The authors propose to use the sIgE hemp assay (crude extract using an ImmunoCAP technique) where there’s a suspicion of a cannabis allergy as a negative result makes a cannabis allergy unlikely. However, a positive sIgE hemp always needs additional diagnostic work-up with a Can s 3 based diagnostic. Clearly, more research needs to be done to establish IgE reactivity profile in Cannabis sativa.
Are Cannabis Allergies Becoming More Common?
With the rapid growth of the legal cannabis industry comes increased opportunity for exposure. In addition to the cannabis used for medicinal purposes, hemp (a non-psychoactive variety of the Cannabis sativa plant) is used in thousands of products.
According to the American Academy of Allergy Asthma and Immunology (AAAAI), this makes exposure and subsequent sensitization to cannabis extremely common. People may develop a sensitivity to cannabis by consuming or touching cannabis products. The AAAAI predicts that reports of cannabis allergies will become increasingly prevalent as the industry expands. Notwithstanding the medically-based utilization of cannabis the augmented interest for highly nutritious foods has increased the widespread availability and use of hemp seeds ( a super-food high in protein)in the food industry, which can contribute to the frequency of hemp seed allergy and possibly cannabis cross-reactivity.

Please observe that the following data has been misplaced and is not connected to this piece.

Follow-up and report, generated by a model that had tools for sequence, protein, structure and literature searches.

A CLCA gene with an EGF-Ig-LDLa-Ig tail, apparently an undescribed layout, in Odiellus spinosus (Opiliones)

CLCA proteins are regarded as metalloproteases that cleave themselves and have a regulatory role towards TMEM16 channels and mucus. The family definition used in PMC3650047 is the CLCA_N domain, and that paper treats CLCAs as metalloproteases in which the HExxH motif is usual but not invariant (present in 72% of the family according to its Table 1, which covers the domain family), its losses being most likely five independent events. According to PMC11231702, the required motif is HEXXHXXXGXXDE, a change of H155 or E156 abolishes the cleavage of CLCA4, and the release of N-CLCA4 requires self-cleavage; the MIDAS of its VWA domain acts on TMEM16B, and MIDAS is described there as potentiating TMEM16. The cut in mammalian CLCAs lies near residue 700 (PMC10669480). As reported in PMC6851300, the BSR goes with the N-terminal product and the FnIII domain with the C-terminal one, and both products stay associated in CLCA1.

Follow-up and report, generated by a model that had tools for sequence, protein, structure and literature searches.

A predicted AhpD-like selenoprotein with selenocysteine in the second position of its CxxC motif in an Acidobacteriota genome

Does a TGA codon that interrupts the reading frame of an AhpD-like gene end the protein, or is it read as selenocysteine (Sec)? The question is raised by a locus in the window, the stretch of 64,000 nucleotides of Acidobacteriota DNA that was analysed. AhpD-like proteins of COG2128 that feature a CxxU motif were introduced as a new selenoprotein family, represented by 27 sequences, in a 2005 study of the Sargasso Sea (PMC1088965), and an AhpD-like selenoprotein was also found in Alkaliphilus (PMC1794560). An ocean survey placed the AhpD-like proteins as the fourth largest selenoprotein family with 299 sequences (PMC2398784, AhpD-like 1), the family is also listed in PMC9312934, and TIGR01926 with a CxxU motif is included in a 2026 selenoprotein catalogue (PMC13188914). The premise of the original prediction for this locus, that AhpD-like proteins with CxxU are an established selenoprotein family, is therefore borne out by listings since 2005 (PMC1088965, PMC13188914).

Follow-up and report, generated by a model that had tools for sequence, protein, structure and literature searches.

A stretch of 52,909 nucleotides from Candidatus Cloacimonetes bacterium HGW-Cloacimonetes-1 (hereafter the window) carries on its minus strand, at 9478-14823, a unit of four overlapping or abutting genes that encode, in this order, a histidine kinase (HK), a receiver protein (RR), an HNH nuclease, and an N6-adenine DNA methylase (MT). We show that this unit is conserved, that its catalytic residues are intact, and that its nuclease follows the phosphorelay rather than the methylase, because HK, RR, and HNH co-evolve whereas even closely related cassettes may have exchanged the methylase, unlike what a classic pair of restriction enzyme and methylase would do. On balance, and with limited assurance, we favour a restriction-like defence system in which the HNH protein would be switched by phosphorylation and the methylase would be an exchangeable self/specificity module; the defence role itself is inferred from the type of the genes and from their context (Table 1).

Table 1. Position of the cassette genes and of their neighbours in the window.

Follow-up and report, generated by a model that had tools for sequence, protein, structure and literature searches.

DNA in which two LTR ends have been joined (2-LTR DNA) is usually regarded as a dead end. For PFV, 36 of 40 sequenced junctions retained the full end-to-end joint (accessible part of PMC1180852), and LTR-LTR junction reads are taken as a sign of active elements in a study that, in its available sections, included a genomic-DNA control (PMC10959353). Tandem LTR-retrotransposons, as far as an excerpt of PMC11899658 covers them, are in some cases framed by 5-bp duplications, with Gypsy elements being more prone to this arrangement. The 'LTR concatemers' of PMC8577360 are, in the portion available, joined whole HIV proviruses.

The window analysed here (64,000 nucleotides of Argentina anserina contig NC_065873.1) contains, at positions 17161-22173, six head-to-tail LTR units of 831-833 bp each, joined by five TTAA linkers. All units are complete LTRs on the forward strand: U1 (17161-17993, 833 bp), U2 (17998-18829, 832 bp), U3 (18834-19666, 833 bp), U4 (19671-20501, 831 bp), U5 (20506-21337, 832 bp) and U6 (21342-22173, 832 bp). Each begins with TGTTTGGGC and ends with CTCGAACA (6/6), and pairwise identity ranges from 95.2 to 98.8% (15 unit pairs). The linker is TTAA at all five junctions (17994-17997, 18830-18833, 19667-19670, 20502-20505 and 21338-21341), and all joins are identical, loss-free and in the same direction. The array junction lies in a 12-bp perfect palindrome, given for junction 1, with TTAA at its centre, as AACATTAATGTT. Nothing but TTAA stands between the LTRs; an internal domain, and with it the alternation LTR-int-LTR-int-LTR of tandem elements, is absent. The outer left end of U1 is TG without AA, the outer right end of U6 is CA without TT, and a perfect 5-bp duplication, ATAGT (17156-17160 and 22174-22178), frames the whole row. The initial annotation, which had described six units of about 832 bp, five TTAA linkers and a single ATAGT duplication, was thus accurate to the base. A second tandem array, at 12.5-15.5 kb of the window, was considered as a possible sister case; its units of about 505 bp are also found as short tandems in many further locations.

In addition to hempseed and hempseed oil, derivatives of dried flowers or resinous extract can be incorporated in food and ingested. Since both hemp and cannabis can induce clinically relevant allergic cross-reactivity one can get a hemp allergy without being exposed to hemp which can in turn manifest as severe anaphylaxis or other lesser symptoms.
Why you don't hear about cannabis allergies
A 2016 Photodetection in Flow Cytometry review determined that the prevalence of cannabis allergies is likely underreported due to the plant’s illegality in some states and in federal law. The authors explained that far more people than the public may be conscious of are at risk of developing cannabis sensitivity. Those groups include but aren't limited to:
- Police officers who seize illegal pot
- Recreational users who inhale or ingest cannabis products
- Cannabis growers
- Laboratory scientists who test the plant
Others could inhale cannabis allergens while walking the street or come into contact with pot when in proximity to someone actively using cannabis products. Skin-to-cannabis contact may result in urticaria (rash) or contact dermatitis, inhaling cannabis may result in season allergy-like respiratory irritation, and ingesting cannabis may lead to gastrointestinal discomfort, swelling, and in severe cases, anaphylaxis.
If You are Allergic to These Things, You May be Allergic to Cannabis
A 2017 Revue de Pneumologie Clinique review found that cannabis allergies may be triggered by foods that have a similar chemical composition to weed. This phenomenon is known as cross-allergy or cross-reactivity. It occurs when the body has an allergic reaction to one food, but then becomes sensitive to other foods or plants that contain similar proteins to the original allergy inducing plant.
If you have a history of allergies, you can use your knowledge about your food sensitivities to make an educated guess about the likelihood of developing a cannabis allergy. Certain foods contain a molecular composition similar to marijuana. If you have an allergy to any of the following foods, you may be sensitive to cannabis as well: